Difficult application processes, expensive requirements and short timelines were noted as funding challenges for many organizations. These are all the more difficult for small, under-resourced organizations. A review of funding models and programs that might be keeping small but impactful organizations out, will allow more to apply and, hopefully, receive funding.

  9. Consider non-financial support for grassroots organizations.

    While financial support is needed, small organizations also require non-financial support, which funders should consider. This includes offering volunteer services such as IT support, equipment or space to hold workshops, cloud services, interest free loans and helping promote their organization’s services.

  10. Find ways to link up best practices across the country.

    There are many bright spots in Canada’s internet. Given the vastness of Canada, successful efforts and programs need to connect in order to build up and grow what is already going well.

About CIRA and this report

CIRA is a member-based, not-for-profit organization, which manages the .CA internet domain on behalf of all Canadians, developing and implementing projects that support Canada’s internet community and representing the .CA Registry internationally. CIRA is building a better online Canada through the Community Investment Program by funding innovative projects led by charities, not-for-profits and academic institutions that are making the internet better for all Canadians. Every .CA domain name registered or renewed contributes to this program. To date, CIRA has provided $5.45 million in contributions.

In January and February 2018, CIRA reached out to organizations across Canada through a survey, phone interviews and video interviews to help identify key issues, needs and funding gaps with respect to internet infrastructure, digital access, digital literacy and funding gaps. In particular, CIRA sought out grassroots organizations and individuals working in and around Canada’s internet, including not-for-profits, charities, academics and small internet service providers. The survey CIRA shared with organizations in Canada sought to learn more about their perspectives, experiences and challenges. Follow-up interviews were conducted with some participants. Interviews were conducted by Vawn Himmelsbach (Canadian Press Enterprises Inc.).

Participants

A total of 70 organizations participated in the CIRA survey. The following organizations agreed to be listed as participants. We have placed a star* in front of those organizations that have received a CIRA Community Investment grant, other CIRA financial support or are affiliated with CIRA or its board of directors (as of March 2018).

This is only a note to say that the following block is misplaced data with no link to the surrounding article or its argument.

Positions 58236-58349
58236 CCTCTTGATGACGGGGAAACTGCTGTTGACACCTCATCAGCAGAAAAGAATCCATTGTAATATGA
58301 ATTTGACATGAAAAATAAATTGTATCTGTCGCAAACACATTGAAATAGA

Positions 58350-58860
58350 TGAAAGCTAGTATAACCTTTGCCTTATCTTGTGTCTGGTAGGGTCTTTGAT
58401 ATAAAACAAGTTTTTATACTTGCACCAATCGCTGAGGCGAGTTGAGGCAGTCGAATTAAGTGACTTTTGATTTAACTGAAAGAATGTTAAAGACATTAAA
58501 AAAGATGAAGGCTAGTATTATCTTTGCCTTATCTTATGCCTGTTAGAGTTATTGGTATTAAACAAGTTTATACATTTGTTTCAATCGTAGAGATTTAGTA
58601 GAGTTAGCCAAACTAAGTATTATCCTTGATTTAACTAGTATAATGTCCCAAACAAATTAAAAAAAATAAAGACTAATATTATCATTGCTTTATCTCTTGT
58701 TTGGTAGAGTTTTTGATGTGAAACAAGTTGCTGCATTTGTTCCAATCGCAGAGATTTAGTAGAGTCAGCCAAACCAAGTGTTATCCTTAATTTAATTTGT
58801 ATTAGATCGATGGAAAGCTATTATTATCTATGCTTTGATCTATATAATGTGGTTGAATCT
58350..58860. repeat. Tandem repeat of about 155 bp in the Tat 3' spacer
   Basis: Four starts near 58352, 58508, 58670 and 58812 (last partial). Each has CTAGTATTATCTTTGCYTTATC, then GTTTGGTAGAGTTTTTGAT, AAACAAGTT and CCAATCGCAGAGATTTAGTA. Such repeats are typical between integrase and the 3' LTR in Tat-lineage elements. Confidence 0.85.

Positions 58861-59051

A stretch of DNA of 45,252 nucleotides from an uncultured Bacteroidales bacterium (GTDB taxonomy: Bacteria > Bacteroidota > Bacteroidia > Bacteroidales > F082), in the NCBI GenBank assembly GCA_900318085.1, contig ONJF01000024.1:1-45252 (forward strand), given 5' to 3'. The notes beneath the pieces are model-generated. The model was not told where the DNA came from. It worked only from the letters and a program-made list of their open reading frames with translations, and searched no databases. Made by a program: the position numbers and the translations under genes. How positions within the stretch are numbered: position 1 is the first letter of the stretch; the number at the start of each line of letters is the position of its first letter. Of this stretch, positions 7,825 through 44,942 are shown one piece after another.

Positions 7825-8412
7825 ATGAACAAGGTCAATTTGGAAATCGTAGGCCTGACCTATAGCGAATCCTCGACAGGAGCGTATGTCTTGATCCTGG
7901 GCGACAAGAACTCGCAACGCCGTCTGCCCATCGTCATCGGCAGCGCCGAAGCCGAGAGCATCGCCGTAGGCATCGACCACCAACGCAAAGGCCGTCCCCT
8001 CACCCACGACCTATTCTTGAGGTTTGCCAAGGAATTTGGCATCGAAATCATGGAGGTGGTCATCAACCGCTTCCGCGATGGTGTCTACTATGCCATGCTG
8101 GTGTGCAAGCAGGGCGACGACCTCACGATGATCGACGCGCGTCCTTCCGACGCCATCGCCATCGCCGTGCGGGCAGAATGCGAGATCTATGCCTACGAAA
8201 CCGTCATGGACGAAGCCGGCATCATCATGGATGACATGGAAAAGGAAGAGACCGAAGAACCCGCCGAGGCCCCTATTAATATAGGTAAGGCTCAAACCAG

• *Chebucto Community Net

  • CHUO 89.1 FM

  • *CompuCorps Mentoring Inc.

  • *Exchange Global Server Centre (XGSC Inc.)

  • *Free Geek Toronto

  • Gluu Technology Society

  • *Internet Society

  • *Kids Code Jeunesse

  • *K-Net

  • LIFE Options Inc.

  • Maison Radio Memphrémagog for Radio Webphré

  • *National Capital FreeNet

  • *OpenMedia

  • *Option Consommateurs

  • R U On the Net Inc.

  • *STEAMLabs

  • SwiftHighSpeed.com

  • *Telecommunities Canada

  • *Université du Québec à Montréal

  • *Vancouver Community Network

  • Voyageur Internet Inc.

Glossary

The first mile
The first mile, often also referred to as the “last mile or last kilometer” is a colloquial phrase widely used in the telecommunications, cable television and internet industries to refer to the final leg of the telecommunications networks that deliver telecommunication services to retail end-users (customers). More specifically, the last mile refers to the portion of the telecommunications network chain that physically reaches the end-user's premises. This report uses the term first mile connectivity exclusively as it is more equitable and less urban-centric. (Source: Wikipedia.org and Why the First Mile and not the Last by Lynnita Paisley and Don Richardson)
Fake news
Fake news is propaganda or false news that consists of deliberate misinformation or hoaxes spread via traditional print and broadcast news media or online social media. (source: Wikipedia.org)
Mackenzie Valley fibre link
The Mackenzie Valley Fibre Link (MVFL) project was contracted by the Government of the Northwest Territories (GNWT) to bring telecommunications and high-speed internet access to a variety of communities in the Mackenzie Valley region in the Northwest Territories. (Source: www.mvflproject.com)
Internet Exchange Points
An IXP (Internet Exchange Point) is a hub where independent networks can interconnect directly to one another, providing high-bandwidth and low-latency access at a lower cost than traditional transit. (Source: www.cira.ca/ixp)
Malware
Malware, short for malicious software, is an umbrella term used to refer to a variety of forms of hostile or intrusive software. Malware is defined by its malicious intent, acting against the requirements of the computer user — and so does not include software that causes unintentional harm due to some deficiency. (Source: Wikipedia.org)
Phishing
Phishing is the attempt to obtain sensitive information such as usernames, passwords, and credit card details (and money), often for malicious reasons, by disguising as a trustworthy entity in an electronic communication. (Source: Wikipedia.org)
Connect to Innovate
A Canadian government program that will invest $500 million by 2021 to bring high-speed internet to 330 rural and remote communities in Canada. (Source: www.canada.ca)